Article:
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After the April snow and cold, frogs arrive

A wood frog. Note the black by the eyes. (Photo by Larry Weber)

The weather during the first week of April this year was a bit of an anomaly. For the most part, the winter was mild and months of temperatures above normal became normal. And where the first half of March produced mild temperatures, we looked like we were headed for an early spring.

Ironically, it was when we entered spring that we reverted to some cooling and more snow. April dawned and this trend continued for the first week. During this time we recorded more snow than we usually get for the entire month. And the cold lasted, near zero degrees on April 9 with plenty of chilly winds. April is extremely variable; in 2010 virtually no snow fell and in 2013 a record-setting nearly 51 inches occurred.

After living through a Northland winter, many local residents were disappointed with the return of this snow and cold. But like most happenings in nature, there is another side to this situation.

Thanks to April snows, especially if they tend to last in the subsequent cold, two natural phenomena that we do not appreciate are slowed or delayed. One is the fire season. When the snow melts and the dead grasses are exposed from under months of snow cover, they can dry and become a fire hazard, some years being extreme. Also of note, after the snow melts and warms, ticks that have been dormant all winter become active. April snows and cold also slow their activity.

To me, the greatest result of the April (and March) snow is in the snow itself, the moisture. These late-season snows tend to be wet. After the chilly and dormant season of winter, many critters are quick to take advantage of this moisture in the springtime of their lives.

Along with the snow and cold of the first week of April, we also experienced lengthening days by passing the threshold of 13 hours of daylight, expanding each day. Early migrants have been with us for a few weeks now and they make use of the melting snow that gave ample water in the vernal ponds. Canada geese, mallards, wood ducks, hooded mergansers and red-winged blackbirds are soon to arrive. Other songbirds that now appear, sparrows, juncos, robins, warblers, phoebes and swallows, find feeding is better near these newly-formed ponds.

But what I look and listen for mostly in mid-April is the reawakening and the return of frogs. Frogs are amphibians and as such, they are cold-blooded (ectotherms). This means that their body temperature, unlike ours, varies greatly and is about equal to that of their surroundings. They are unable to stay active in winter like birds and mammals. Instead, most go to a sheltered site where they use the protection of soil, leaves and even snow to be away from the cold that could harm them.

We have seven kinds of frogs and one toad in the Northland, collectively called anurans. Three of these, the leopard, mink and green frogs, bury themselves in the mud under ponds, swamps and lakes for winter. The other five — wood frog, chorus frog, spring peeper, gray tree frog and American toad — all winter on land. Some, especially the wood frog, are able to allow part of their body to actually freeze, but now in mid-April, they are able to thaw out.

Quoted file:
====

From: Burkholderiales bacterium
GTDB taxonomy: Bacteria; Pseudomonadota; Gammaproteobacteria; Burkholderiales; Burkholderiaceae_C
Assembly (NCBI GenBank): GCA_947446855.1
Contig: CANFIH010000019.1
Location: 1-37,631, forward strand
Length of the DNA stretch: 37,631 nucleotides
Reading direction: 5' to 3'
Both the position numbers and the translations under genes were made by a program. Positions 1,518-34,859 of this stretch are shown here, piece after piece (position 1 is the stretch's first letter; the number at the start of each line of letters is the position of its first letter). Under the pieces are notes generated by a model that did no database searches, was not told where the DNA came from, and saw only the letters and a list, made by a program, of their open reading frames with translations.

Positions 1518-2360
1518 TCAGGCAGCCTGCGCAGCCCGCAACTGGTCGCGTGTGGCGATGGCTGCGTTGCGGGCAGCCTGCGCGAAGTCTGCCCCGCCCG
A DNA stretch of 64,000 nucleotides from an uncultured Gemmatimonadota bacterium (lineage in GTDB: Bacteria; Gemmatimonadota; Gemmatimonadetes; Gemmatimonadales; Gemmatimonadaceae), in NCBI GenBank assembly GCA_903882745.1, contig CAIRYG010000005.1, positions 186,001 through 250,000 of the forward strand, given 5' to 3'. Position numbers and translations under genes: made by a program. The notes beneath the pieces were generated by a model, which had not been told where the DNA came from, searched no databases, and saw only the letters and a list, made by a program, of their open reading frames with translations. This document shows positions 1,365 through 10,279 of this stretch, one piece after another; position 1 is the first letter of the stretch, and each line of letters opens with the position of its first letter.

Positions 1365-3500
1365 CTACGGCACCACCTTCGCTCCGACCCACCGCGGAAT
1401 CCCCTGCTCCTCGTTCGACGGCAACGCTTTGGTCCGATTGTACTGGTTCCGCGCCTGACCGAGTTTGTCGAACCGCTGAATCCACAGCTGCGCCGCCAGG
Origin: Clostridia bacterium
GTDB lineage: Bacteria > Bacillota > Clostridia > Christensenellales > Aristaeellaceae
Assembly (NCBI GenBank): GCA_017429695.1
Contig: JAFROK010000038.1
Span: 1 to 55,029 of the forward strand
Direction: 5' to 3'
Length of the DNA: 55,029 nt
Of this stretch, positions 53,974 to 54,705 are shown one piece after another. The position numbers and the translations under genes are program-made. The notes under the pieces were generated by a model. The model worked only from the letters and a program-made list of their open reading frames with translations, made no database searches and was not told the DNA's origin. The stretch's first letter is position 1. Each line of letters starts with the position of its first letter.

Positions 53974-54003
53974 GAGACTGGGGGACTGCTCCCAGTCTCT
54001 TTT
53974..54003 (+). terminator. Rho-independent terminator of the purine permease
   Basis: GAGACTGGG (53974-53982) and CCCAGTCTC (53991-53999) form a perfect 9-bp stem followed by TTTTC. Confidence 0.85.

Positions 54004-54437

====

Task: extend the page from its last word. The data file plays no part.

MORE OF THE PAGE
These frogs breed at different times. Four are early spring (April, May), two are mid-spring (May, June) and two breed in summer (June, July, August). Earliest are the wood and chorus frogs, joined a little later by spring peepers and leopard frogs. In May, we'll hear the gray tree frogs and the toads. Mink and green frogs call on summer nights.

It is the early spring ones that seem to be eagerly waiting for the snow to melt and form vernal ponds where they deposit their eggs. Being amphibians, these frogs need to return to their aquatic origins each year for breeding. Though there are four frogs calling in April, as soon as they can, first are wood and chorus frogs.

Wood frogs are normally gray to brown, maybe even reddish brown, with a black patch behind the eyes. They are typically 2-3 inches long. Life is spent in the woods except for a couple of weeks in early spring (April) when they become aquatic and go to ponds to call, mate and lay eggs. Males call the females with clucking sounds that might remind us of ducks. Breeding is short and fast and usually completed by the end of this spring month.

Chorus frogs are only about 1 inch long and grayish, greenish-brown with stripes, our only striped frog. Also terrestrial, they go to vernal ponds as soon as they can to breed. Males attract females by clicking noises, often compared to us moving our thumb over the teeth of a comb. Though their season last a little longer, by June they are gone and disperse for the warmer weather.

Both frogs, as well as spring peepers, breed in vernal ponds that tend to be temporary and evaporate in summer. Under these conditions, they need to develop quickly through their tadpole stage. And so they call and breed in April ponds refurbished by the melting of these recent snows.

An adult chorus frog. Note the stripes on its small body. (Photo by Larry Weber)

Retired teacher Larry Weber is the author of several books, including “Butterflies of the North Woods,” “Spiders of the North Woods,” “Webwood” and “In a Patch of Goldenrods.” Contact him c/o budgeteer@duluthbudgeteer.com.

Larry Weber

Retired teacher Larry Weber is the author of several books, including “Butterflies of the North Woods,” “Spiders of the North Woods,” “Webwood” and “In a Patch of Goldenrods.” Contact him c/o budgeteer@duluthbudgeteer.com.

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